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Named Among Top 100

 

Chicopee Industrial Contractors, Inc. is Named Among Top 100 Woman-led Businesses in State 

 

12/06/2005

 

PRESS RELEASE
For Immediate Release

 

STUDY FINDS THAT WOMAN-RUN BUSINESSES IN MASSACHUSETTS OUTPACE THE NATION IN GROWTH

 

CHICOPEE, MA, December 6, 2005 - Chicopee Industrial Contractors was selected as one of the Top 100 Woman-led business in Massachusetts as part of a major research study released by Babson College and The Commonwealth Institute. The Top Woman-Led Businesses in Massachusetts: Lessons from 2000 to 2004 study finds that 54 percent of woman-led businesses in Massachusetts have achieved annual growth greater than five percent from 2003 to 2004, outpacing the national rate. An additional 18 percent of the companies grew between one and five percent during that timeframe.

 

The study underscores the significant contribution that woman-led businesses across all industries are making to the Massachusetts economy - the 215 companies participating in the research this year generated more than $7.8 billion in 2004, and employed 24,510 people. Additionally, 43 companies that have participated over a five-year period have realized productivity gains of 15.9 percent over that timeframe.

 

The 2004 Top Woman-Led Businesses in Massachusetts research study was co-developed by The Center for Women's Leadership at Babson College and The Commonwealth Institute. This study, which is being conducted for the fourth time and covers a five-year timeframe, identifies the top 100 woman-led businesses in the state and includes data from 215 woman-led firms. According to the survey, the top five woman-led businesses in Massachusetts based on 2004 revenues are: Cumberland Farms Inc. in the number one spot; followed by National Grid New England Distribution (formerly Massachusetts Electric Company); Axcelis Technologies; Agar Supply Co., Inc.; and Garber Travel.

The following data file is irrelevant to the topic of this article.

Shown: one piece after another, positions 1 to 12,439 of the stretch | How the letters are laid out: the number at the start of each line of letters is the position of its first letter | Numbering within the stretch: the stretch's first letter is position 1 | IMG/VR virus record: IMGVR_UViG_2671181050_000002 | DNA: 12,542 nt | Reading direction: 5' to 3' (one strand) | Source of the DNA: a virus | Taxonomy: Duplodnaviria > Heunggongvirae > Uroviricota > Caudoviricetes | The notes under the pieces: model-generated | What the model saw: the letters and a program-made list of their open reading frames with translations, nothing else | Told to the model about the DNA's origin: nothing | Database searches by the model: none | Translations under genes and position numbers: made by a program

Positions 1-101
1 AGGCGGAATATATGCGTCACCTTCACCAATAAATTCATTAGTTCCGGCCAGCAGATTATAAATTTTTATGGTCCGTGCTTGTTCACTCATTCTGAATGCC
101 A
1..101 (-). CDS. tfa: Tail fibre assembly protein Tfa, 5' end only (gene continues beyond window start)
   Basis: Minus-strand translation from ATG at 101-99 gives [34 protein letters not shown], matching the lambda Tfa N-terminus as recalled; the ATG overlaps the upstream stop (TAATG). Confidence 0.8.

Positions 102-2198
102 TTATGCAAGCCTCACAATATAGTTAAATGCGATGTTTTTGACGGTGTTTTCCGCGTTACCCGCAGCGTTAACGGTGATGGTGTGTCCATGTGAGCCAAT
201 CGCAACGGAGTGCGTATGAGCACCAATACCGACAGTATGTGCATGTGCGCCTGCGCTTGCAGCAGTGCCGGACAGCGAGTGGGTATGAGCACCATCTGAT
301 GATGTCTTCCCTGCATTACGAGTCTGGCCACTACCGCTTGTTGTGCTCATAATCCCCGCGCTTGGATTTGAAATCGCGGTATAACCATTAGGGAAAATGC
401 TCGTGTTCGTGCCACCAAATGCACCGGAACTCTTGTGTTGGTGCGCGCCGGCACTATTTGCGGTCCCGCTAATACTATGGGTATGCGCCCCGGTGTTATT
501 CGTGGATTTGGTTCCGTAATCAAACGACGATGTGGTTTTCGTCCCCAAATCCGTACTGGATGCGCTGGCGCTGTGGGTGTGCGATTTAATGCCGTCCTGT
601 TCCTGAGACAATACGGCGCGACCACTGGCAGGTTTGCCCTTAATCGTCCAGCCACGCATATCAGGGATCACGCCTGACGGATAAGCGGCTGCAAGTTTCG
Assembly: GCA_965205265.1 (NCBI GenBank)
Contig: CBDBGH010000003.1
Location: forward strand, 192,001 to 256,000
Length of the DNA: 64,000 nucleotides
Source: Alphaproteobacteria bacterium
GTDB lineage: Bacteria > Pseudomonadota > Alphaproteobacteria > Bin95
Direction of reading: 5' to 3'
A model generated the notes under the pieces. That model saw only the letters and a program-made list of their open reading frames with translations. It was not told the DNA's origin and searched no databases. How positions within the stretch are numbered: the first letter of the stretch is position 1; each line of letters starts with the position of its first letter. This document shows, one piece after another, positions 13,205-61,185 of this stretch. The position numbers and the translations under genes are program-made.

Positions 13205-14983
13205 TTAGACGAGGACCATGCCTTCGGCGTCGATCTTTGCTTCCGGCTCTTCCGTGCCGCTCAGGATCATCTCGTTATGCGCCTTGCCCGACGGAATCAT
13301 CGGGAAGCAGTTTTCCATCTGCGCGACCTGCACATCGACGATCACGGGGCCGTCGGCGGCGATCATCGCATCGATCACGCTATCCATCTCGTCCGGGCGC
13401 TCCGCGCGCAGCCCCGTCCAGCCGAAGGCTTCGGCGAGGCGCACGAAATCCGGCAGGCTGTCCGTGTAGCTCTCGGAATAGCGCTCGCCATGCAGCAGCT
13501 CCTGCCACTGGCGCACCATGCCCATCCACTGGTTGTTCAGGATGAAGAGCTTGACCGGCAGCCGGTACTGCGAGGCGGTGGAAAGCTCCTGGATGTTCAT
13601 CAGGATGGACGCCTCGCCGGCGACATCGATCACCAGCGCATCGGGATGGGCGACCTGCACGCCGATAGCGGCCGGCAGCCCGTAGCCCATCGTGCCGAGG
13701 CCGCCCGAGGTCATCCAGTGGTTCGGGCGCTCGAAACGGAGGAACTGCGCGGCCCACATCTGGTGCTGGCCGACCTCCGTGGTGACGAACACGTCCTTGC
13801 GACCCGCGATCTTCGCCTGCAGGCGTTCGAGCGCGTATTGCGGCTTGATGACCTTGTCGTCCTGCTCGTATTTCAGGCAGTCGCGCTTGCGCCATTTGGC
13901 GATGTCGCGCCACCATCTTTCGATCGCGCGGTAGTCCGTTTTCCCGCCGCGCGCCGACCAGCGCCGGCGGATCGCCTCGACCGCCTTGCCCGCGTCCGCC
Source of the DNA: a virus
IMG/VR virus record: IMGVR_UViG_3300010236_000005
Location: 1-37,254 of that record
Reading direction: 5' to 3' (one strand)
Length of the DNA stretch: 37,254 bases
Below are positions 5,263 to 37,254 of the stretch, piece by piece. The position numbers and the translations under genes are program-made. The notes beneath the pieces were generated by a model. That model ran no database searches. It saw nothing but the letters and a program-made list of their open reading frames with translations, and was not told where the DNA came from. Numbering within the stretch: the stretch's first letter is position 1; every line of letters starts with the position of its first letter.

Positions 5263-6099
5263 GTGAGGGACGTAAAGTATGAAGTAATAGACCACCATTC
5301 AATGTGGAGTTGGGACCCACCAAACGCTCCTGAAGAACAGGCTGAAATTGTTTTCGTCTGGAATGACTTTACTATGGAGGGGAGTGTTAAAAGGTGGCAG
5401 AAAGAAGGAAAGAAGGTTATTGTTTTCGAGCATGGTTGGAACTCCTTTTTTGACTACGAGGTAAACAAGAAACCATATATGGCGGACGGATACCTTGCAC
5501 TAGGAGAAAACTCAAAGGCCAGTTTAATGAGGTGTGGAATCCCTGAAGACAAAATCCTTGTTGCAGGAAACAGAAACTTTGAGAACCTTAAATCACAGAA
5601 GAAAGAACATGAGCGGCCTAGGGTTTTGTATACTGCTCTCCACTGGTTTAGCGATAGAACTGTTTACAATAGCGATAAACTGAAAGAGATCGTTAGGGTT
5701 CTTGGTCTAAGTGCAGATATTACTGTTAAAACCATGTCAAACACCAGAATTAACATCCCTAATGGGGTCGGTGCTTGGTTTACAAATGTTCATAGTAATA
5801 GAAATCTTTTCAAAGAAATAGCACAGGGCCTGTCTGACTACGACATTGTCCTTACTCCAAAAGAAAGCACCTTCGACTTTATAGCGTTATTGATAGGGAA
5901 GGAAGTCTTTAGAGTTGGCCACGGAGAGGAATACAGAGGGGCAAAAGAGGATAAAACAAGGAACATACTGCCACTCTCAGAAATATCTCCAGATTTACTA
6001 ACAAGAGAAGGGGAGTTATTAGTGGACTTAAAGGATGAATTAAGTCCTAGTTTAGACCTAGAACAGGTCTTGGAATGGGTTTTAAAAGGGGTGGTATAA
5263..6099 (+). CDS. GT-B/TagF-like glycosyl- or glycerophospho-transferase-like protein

The success of Massachusetts woman-led companies can be attributed to many factors, including: the achievement orientation of women CEOs, a management philosophy that focuses on customer and employee satisfaction, and the CEOs strong emphasis on education and learning. Findings from the total group of 215 respondents uncovers key trends about woman-led businesses:


* Women CEOs are ambitious and are primarily motivated by personal achievement (85%) and a desire for challenge (80%). Debunking the stereotype that women are driven to start businesses solely out of economic necessity, more than 54 percent stated that economic necessity was barely a motivator or none at all. Similarly, while nearly 32 percent cited the glass ceiling as a motivator, 48 percent said it was minimally a motivator or none at all. These findings replicate those first identified in the 2000 study.


* Establishing strong customer and employee relationships are considered the cornerstones to conducting business. The women CEOs cited customer satisfaction as the leading factor in doing business (97 percent), followed by key human resource issues: employee satisfaction (92 percent), company culture (81 percent) and work/life balance (67 percent). These areas were ranked higher as daily business priorities than rapid sales growth, high profitability, personal financial reward, high market share and personal autonomy and control.

* Of the 43 companies that consistently participated in the study over a five-year period from 2000-2004, the average company grew nearly 27 percent from revenues of $13.9 million in 2000 to revenues of $17.9 million in 2004. In the same timeframe, average employment increased by 9.5 percent, resulting in productivity gains of 15.9 percent.

 

* The woman-led firms are solidly focused on future growth. Ninety-two percent of the companies expect to grow over the next two years, and 59 percent are anticipating growth of five percent or more annually. The primary focus for growth is through new clients and customer accounts, followed by new products and new geographic markets. Most firms expect to finance growth through cash flow from operations, short-term debt and retained earnings reinvestment.

 

* Women leaders have a long-term commitment to building their careers and their businesses. The typical CEO of woman-led companies has 27 years of work experience, and 13 years in her current position. These leaders are well educated and are committed to ongoing learning. They tap mentors for business advice and - despite the preponderance of privately held firms - are savvy users of formal boards of directors and advisors.

 

* Women CEOs in Massachusetts combine entrepreneurial vision with an ability to successfully manage and grow their companies.

 

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